As we start thinking about “back to school”, the idea of planning and preparing school lunches and snacks is a daunting task for many parents who fall back on traditional processed options not only for convenience, but also because they can feel reassured that their children are eating throughout the school day. Furthermore, calories surely provide energy, but nutrient density and sustainable energy is where we ideally want to direct our efforts. By starting the school year off setting appropriate expectations, we can more easily encourage our children to make healthier choices. The following are some recommendations on how to go about doing so:
Sit down with your children and explain that the family will be taking on the “anytime snacks” challenge. Together you can make a list of these foods. Rotate the options throughout the week to encourage variety (Fruits, Veggies, Seeds, Whole Grains, Complex Carbohydrates)
Reserve “sometimes snacks” for special events and outings. Make a commitment to send only healthier options to school. If possible, keep unhealthy options out of the home, making it easier to avoid reaching for these snacks. Have healthier options readily accessible so kids can help themselves at home. (A vegetable platter, a bowl of washed fruit - or teach them to wash them, trail mixes…)
It may not be intuitive, but small portions of sides or main meals can serve as a snack. For example:
A slice of whole grain bread and hummus. You may want to try sunflower and pumpkin seed butters for school. Even a party sandwich sized egg or tuna on whole grain bread can serve as a sustaining snack. Think of the foods your kids love for main meals and make them into “mini-meals” or snacks
Whole Grain Rice (with any veggies or combos your kids enjoy)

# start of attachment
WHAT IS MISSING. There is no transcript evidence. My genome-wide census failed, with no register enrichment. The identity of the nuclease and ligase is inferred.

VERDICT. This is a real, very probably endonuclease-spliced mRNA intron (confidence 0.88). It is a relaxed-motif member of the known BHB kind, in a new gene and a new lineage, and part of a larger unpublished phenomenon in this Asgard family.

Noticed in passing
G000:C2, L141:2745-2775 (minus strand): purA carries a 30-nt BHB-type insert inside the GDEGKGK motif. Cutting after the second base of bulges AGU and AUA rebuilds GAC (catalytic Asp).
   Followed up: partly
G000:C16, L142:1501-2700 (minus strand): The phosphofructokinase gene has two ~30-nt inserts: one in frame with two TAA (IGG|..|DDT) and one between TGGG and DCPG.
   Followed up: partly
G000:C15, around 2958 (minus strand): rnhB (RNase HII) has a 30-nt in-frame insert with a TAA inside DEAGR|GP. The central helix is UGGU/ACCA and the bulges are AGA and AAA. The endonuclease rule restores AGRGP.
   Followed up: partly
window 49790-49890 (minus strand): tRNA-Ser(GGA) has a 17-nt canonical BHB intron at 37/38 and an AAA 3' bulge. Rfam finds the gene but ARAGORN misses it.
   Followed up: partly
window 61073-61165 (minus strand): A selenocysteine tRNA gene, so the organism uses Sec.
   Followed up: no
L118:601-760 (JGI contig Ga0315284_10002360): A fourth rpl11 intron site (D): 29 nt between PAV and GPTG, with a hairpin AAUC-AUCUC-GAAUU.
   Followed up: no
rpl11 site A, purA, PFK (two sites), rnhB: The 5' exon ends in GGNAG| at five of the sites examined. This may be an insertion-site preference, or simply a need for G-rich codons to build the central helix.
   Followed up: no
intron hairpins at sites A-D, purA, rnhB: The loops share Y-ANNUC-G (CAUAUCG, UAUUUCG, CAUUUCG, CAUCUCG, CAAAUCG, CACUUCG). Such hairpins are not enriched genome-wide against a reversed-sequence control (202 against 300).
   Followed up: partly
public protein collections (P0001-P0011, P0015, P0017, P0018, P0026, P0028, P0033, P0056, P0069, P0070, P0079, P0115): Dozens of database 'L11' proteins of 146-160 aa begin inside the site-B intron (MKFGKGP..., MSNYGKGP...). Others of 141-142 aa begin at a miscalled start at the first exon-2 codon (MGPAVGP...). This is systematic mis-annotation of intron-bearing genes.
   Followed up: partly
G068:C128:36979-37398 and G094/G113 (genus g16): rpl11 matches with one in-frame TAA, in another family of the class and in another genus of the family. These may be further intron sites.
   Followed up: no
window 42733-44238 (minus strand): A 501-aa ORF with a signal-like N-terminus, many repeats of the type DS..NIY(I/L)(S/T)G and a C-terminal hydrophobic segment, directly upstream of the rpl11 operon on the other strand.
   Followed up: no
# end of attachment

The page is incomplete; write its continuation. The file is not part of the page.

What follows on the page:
Pasta tossed with olive oil
As we strive to teach our children how to eat, ideally we should be providing a consistent message to them. We can categorize foods as “Anytime Foods” and “Sometimes Foods” so that unhealthier options are not communicated as taboo, making them more appealing and desired by our kids. Teaching the relative importance of foods empowers children to balance their choices.
The following are some ideas of replacements to traditional snacks:
Instead of refined crackers and goldfish, try variations of rice cakes such as spelt cakes for example. Lundberg andPrimeal have a variety of options. Read the list of ingredients and stick with a short list of whole grain options. For example, Wild Rice Whole Grain Rice Cakes contain only whole grain brown rice, wild rice, and sea salt (which is mineral-rich, rather than refined white salt stripped of nutrients.) For more sustained energy, the rice cakes can be used as a base for honey and banana to satisfy a sweet tooth, or other variations. Do not send these combinations to school pre-made as this will make the rice cake soggy. Instead you could teach your child how to spread a topping with a Popsicle stick, developing their fine motor skills which many teachers would be happy to assist them with.
Instead of sugar cereals or salted options, raw pumpkin and sunflower seeds with whole grain cereal, dried fruit, and dark chocolate. Make sure the dried fruit you buy is sulfite-free. Check out U-RAAW and look at their Apples, Mangos, Dates, Papaya, Pineapple, and other products with just a single ingredient.
Make homemade cookies, breads, and other baked goods (ideally together with your kids) and freeze them in portions that could easily be added to lunches. If you would like some recipes, please send your request via “Comments” on the top left-hand side of the blog. For example, energy bites, quinoa banana bread, overnight oats, whole grain pancakes and muffins, and cookies with a healthy twist. Although these snacks contain some unhealthier ingredients, they are leaps and bounds ahead of any prepackaged options we may reach for and exposes your child’s pallets to a wider variety of ingredients and flavors.
Lunches and snack can also be more appealing and fun if we give the foods they eat special names. For example:
Banana Chocolate Overnight Oats (made with plain yogurt, chia, cocoa…) can be called “Chunky Monkey pudding”
Carrot Energy Bites can be called “X-Ray Vision tasters”
Quinoa Banana Bread can be called “Outside the Bread-Box”
Banana Oat Cookies can be called “Monster Cookies”
Similarly Fruits and Vegetables can also have fun names, and putting stickers on fresh produce make them more appealing:
Broccoli = Dinosaur Trees
Apples = Shmapples
Cantaloupe = Cantasaurus
You could also make the presentation appealing with fruit and vegetable kabobs, fun shapes, and other food art. Another fun idea is to either make or buy special notes to include in their lunches. Check out Tweet Notes for a fun product!
Please send your comments or questions via the dialogue box – I look forward to hearing from you!